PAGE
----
Herauf! Herauf! Zu mir!
Dein Meister ruft dich, Namenlose,
Herodias warst du, und was noch?
Gundryggia dort, Kundry hier!
Hieher! Hieher denn, Kundry!
Dein Meister ruft; herauf!
Arise! Arise! To me!
Your master calls you, nameless one,
First she-devil! Rose of Hades!
Herodias were you, and what else?
Gundryggia then, Kundry here!
Come here! Come here now, Kundry!
Your master calls: arise!
[Parsifal, Act 2]
An introduction to Richard Wagner's Kundry
n Wagner's last music-drama Parsifal, we encounter a mysterious
creature called Kundry. In the domain
of the Grail, this Kundry appears as a wild woman, an unkempt, shabby and repulsive
crone. On the other side of the mountains, however, in the magic garden of the sorcerer Klingsor, she appears as a beautiful maiden. In this article, I shall
try to identify the many elements that were combined to create the most complex
character in all of Wagner's dramatic works. Further articles will explore some of
these elements in detail.
agner's Kundry can be related to
several female characters who appear in his Percevalian sources; although it is important to appreciate that Wagner also
added elements from completely different literary and mythical traditions; notably,
the exotic Herodias. The Percevalian
sources included, as I have described in a separate article, Wolfram's Parzival, Chrétien's Perceval and the anonymous Welsh/Breton Peredur. In addition, Wagner, in the late 1860's, had a copy
of Perlesvaus, or The High History
of The Holy Grail, although it has not been established
that he knew this book before writing the Prose Draft of
Right: A dark-skinned Condrie abuses Parzival in this painting from Ludwig
's castle of Neuschwanstein.
of the archetypes of this tradition that caught Wagner's imagination was that of the
Loathly Damsel. This creature appears at critical points in
all four of these poems. Generally she brings news (in German, "news" or
"information" is Kunde, whence Kundry), explains what has happened, and hints at what might happen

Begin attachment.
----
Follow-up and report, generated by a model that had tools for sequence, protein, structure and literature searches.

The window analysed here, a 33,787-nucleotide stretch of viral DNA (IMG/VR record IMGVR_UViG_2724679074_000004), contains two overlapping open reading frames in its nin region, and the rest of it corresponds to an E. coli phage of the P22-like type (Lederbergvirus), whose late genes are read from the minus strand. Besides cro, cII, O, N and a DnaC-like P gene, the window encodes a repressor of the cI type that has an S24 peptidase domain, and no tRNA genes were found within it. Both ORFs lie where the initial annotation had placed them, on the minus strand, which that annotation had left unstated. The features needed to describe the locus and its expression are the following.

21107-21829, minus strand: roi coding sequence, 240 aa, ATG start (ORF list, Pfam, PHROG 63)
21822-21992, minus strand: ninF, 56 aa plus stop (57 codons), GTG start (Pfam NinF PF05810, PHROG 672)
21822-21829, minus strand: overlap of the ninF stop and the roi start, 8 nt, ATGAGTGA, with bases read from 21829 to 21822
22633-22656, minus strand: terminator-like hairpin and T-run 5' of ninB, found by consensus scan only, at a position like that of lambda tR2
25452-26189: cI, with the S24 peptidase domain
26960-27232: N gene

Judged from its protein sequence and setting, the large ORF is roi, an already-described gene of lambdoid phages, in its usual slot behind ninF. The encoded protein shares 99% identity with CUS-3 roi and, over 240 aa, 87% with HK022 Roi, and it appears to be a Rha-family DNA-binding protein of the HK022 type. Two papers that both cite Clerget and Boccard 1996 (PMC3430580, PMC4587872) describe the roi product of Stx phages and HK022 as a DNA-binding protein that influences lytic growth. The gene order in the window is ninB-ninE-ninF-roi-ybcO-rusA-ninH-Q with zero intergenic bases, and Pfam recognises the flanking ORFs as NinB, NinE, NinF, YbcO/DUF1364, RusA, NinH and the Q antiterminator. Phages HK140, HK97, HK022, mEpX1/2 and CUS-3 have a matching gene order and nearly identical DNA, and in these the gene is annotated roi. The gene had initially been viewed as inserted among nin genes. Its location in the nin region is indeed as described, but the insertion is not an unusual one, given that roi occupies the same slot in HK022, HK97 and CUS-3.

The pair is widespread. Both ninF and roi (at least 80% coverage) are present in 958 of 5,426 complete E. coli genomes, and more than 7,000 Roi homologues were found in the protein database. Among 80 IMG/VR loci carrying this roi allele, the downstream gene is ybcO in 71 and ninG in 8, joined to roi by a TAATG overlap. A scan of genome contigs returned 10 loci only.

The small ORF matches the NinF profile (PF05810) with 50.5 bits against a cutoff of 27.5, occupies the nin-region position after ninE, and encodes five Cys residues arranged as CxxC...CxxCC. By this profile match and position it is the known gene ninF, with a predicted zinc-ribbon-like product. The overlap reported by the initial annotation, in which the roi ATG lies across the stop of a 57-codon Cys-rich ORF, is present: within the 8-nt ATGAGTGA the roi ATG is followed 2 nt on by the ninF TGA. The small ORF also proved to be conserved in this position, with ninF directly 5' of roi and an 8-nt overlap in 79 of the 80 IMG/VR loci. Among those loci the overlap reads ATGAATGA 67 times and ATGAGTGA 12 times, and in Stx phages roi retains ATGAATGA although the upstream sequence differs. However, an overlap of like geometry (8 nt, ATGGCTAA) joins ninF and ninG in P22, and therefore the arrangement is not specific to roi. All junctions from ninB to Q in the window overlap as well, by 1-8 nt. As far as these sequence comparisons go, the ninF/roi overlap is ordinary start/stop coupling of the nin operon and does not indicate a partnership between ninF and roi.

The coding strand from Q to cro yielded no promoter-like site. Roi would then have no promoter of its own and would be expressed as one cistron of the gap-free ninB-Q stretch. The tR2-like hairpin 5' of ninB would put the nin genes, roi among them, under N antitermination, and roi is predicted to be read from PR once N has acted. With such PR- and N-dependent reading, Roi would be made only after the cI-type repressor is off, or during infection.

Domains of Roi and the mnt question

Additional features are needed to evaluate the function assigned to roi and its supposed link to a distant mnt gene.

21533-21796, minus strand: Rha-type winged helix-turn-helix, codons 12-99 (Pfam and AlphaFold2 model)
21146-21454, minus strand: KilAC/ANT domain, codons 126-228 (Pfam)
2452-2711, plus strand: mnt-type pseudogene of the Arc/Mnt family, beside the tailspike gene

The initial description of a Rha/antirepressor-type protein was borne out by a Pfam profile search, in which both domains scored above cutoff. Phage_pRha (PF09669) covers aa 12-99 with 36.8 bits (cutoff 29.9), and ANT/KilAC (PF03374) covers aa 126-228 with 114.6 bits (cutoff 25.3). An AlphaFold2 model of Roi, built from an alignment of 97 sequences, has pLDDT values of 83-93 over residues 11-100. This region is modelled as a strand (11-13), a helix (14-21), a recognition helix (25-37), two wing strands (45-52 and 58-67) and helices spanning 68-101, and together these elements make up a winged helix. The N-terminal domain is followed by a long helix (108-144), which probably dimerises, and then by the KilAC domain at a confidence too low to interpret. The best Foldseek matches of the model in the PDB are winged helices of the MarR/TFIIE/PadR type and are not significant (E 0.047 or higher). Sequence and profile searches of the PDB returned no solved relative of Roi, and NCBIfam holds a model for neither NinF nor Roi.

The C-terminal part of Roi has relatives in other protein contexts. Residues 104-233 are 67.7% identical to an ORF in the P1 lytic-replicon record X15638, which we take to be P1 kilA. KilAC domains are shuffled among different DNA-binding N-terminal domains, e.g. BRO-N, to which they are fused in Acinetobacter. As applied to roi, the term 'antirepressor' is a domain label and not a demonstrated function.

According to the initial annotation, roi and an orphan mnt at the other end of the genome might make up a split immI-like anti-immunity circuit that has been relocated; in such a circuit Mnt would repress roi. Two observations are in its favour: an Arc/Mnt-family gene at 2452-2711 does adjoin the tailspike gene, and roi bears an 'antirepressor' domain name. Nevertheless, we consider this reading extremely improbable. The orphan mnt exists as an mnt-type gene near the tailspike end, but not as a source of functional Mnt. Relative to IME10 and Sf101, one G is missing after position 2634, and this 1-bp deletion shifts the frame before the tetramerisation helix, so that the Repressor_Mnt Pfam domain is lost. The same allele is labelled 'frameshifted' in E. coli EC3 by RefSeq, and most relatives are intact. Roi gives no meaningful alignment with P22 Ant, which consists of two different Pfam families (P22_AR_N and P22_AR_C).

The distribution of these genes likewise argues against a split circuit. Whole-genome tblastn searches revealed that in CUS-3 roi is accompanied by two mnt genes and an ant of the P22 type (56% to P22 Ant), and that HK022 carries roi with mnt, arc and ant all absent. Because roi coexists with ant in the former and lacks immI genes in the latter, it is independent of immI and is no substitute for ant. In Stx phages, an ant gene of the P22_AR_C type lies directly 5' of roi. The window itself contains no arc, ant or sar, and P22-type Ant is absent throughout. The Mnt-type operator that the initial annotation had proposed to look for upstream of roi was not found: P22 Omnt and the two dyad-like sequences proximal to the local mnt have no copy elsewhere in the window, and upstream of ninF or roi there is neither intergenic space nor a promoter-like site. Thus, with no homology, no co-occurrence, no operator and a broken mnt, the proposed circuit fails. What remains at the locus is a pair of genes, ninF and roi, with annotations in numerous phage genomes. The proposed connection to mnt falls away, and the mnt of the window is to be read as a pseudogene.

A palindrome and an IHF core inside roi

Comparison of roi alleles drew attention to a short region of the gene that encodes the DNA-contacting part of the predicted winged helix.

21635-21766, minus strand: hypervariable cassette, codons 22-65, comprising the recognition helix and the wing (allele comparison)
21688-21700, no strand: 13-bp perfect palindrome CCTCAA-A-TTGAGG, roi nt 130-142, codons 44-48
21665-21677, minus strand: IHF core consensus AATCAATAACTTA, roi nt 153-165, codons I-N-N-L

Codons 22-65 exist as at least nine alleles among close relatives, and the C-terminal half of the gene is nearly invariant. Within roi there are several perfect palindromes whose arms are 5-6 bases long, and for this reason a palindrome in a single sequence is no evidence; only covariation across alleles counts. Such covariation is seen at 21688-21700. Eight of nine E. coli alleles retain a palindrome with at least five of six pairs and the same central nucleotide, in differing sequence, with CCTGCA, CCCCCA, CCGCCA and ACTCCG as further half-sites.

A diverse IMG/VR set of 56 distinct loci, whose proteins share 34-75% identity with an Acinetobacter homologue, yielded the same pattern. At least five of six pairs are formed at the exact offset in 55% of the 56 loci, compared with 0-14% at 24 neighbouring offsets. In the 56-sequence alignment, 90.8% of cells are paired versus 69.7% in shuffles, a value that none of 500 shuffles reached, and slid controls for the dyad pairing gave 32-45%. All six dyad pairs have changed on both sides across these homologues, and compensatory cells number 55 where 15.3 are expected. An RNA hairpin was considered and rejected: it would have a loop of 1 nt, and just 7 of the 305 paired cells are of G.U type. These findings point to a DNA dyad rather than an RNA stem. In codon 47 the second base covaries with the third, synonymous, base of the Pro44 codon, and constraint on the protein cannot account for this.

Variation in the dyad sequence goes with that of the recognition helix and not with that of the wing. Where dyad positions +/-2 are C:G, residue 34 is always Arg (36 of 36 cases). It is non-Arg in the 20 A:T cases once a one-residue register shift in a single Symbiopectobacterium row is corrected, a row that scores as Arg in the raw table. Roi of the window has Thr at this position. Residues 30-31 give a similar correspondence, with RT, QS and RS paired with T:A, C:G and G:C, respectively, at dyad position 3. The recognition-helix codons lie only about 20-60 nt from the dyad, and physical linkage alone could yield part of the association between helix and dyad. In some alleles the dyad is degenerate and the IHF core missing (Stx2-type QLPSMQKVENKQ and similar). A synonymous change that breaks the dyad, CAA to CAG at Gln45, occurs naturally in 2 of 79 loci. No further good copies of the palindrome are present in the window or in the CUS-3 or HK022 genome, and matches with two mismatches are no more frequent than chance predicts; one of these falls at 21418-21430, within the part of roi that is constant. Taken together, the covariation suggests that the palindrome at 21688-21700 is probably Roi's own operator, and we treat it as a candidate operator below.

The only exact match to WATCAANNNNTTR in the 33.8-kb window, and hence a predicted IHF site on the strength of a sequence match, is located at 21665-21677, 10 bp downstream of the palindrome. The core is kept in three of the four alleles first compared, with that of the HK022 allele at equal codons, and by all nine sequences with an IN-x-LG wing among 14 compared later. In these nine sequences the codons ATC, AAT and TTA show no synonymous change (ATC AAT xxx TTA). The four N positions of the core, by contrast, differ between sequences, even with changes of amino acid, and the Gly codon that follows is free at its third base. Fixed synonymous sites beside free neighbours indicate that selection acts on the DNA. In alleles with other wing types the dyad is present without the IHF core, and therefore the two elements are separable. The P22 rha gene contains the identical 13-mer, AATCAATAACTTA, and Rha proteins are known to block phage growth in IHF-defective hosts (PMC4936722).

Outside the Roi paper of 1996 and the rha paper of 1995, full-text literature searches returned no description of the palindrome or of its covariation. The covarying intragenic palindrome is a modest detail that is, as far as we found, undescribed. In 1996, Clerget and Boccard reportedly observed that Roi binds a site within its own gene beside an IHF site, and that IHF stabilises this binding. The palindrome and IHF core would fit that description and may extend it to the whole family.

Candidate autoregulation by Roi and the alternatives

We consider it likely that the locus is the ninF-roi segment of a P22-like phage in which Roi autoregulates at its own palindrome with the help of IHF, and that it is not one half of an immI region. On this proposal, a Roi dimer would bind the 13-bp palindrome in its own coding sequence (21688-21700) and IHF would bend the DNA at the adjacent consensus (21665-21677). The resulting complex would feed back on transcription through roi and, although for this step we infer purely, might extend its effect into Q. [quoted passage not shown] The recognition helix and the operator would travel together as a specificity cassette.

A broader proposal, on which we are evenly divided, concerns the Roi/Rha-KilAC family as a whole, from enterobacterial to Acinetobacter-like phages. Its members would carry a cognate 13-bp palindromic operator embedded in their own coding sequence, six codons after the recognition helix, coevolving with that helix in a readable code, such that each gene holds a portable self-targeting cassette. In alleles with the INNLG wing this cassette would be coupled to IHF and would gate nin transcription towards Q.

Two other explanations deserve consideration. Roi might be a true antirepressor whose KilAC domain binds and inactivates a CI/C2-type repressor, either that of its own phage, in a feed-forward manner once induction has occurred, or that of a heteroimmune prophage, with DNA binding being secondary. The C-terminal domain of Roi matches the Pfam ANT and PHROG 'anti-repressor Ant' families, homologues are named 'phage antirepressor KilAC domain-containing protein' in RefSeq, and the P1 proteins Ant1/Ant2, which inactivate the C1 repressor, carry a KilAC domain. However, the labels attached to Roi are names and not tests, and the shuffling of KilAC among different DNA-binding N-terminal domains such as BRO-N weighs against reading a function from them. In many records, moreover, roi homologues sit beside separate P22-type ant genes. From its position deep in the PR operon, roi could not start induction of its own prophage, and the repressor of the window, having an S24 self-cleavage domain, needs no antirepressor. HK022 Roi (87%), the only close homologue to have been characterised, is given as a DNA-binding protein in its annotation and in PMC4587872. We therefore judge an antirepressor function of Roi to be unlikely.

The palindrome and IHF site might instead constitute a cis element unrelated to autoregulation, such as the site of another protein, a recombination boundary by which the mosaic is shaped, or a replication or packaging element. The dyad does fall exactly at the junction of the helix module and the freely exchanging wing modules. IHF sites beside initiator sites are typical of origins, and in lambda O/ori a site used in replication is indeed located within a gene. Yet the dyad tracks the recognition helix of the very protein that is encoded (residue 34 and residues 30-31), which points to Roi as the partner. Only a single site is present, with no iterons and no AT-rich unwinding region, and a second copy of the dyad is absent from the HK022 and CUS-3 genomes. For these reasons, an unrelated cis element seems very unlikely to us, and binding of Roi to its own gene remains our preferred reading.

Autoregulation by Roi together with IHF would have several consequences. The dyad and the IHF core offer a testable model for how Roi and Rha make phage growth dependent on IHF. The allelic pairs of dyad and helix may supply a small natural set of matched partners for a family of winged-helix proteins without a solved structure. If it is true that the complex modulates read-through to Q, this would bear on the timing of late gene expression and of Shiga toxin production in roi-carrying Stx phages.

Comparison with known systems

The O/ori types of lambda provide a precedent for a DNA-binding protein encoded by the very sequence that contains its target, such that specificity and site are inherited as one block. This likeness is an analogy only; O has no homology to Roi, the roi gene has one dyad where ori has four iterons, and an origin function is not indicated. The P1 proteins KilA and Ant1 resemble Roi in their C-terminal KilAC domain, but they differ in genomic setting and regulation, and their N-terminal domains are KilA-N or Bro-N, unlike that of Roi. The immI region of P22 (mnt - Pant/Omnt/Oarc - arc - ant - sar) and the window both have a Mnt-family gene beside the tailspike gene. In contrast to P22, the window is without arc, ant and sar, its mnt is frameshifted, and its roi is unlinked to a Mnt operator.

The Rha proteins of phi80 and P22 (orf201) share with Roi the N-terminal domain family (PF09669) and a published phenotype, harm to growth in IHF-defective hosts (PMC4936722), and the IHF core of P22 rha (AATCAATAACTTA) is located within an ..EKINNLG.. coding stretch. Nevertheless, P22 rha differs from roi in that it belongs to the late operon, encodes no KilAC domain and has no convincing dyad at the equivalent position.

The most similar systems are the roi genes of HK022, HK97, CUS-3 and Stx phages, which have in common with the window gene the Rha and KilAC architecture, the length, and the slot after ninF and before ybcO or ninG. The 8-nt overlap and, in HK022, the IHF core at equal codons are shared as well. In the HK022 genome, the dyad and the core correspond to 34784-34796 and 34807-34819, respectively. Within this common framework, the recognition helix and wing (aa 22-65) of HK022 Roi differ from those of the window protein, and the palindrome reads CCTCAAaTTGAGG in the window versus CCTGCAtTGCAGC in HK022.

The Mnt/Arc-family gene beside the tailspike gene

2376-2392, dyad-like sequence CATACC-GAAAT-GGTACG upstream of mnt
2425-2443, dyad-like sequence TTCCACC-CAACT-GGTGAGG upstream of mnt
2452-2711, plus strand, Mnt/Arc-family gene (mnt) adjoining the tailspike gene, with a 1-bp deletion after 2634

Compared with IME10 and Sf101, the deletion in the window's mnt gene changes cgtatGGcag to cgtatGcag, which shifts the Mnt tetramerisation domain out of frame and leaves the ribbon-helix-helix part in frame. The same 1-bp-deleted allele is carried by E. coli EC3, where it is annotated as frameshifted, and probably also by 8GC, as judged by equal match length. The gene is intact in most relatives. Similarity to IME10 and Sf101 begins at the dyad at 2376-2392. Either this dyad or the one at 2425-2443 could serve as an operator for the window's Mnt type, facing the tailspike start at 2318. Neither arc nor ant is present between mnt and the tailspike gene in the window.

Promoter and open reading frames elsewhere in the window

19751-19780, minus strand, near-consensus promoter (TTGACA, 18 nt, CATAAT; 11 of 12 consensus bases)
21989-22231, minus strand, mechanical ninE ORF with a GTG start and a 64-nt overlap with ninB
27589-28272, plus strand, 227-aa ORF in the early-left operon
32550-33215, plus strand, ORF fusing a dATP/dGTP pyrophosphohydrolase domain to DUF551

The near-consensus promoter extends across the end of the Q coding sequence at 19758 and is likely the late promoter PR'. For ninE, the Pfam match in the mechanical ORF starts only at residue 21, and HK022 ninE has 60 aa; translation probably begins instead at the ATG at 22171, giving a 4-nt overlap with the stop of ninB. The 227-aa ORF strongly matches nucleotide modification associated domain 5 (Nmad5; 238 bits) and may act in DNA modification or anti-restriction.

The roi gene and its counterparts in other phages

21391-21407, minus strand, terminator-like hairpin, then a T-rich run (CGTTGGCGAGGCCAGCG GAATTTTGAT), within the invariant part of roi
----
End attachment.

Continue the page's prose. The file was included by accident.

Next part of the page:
later. Wolfram presents Condrie la sorziere as the
High Messenger of the Grail. In Perlesvaus, perhaps taking a hint from an
unimportant line in Chrétien's poem, she becomes the Bald
Damsel, who is also lady Fortune. In Wolfram it is Sigune who becomes bald.
element, found only in the Welsh/Breton Peredur
and in the allegorical Perlesvaus, seems
to have been particularly important for Wagner:
the repulsive, filthy Loathly Damsel is also the beautiful
Grail Bearer who is seen at the Grail
Castle. This dual nature of the character as she appears in these two poems, is
also found in other medieval literature, notably in Chaucer's Wife of Bath's
Tale. Wagner kept this element of duality; although in his version, it is
Condrie la sorziere who is seen at the Grail
Castle, and her beautiful transformation is controlled by Klingsor. Here Klingsor seems to be based on Wolfram's
Clinschor who has cast a spell over
the proud and beautiful Orgeluse.
olfram's account of the first visit of the sheltered youth
to the Grail Castle was based upon an earlier version of
this incident in the poem by Chrétien (summary).
Left: The Grail bearer as portrayed by Arthur Rackham.
things are unclear in Chrétien's account, not least the
phenomena seen by Perceval at the
Grail Castle, including the beautiful maiden who bears the
Grail. The poet died leaving his poem for others to complete,
which they did in various ways (the so-called Continuations). As in the
modern detective story, we can see that Chrétien was
building up to an ending in which these mysteries would be
explained both to the young hero and to the reader (as they are explained by the
hermit in Wolfram's completion of the story).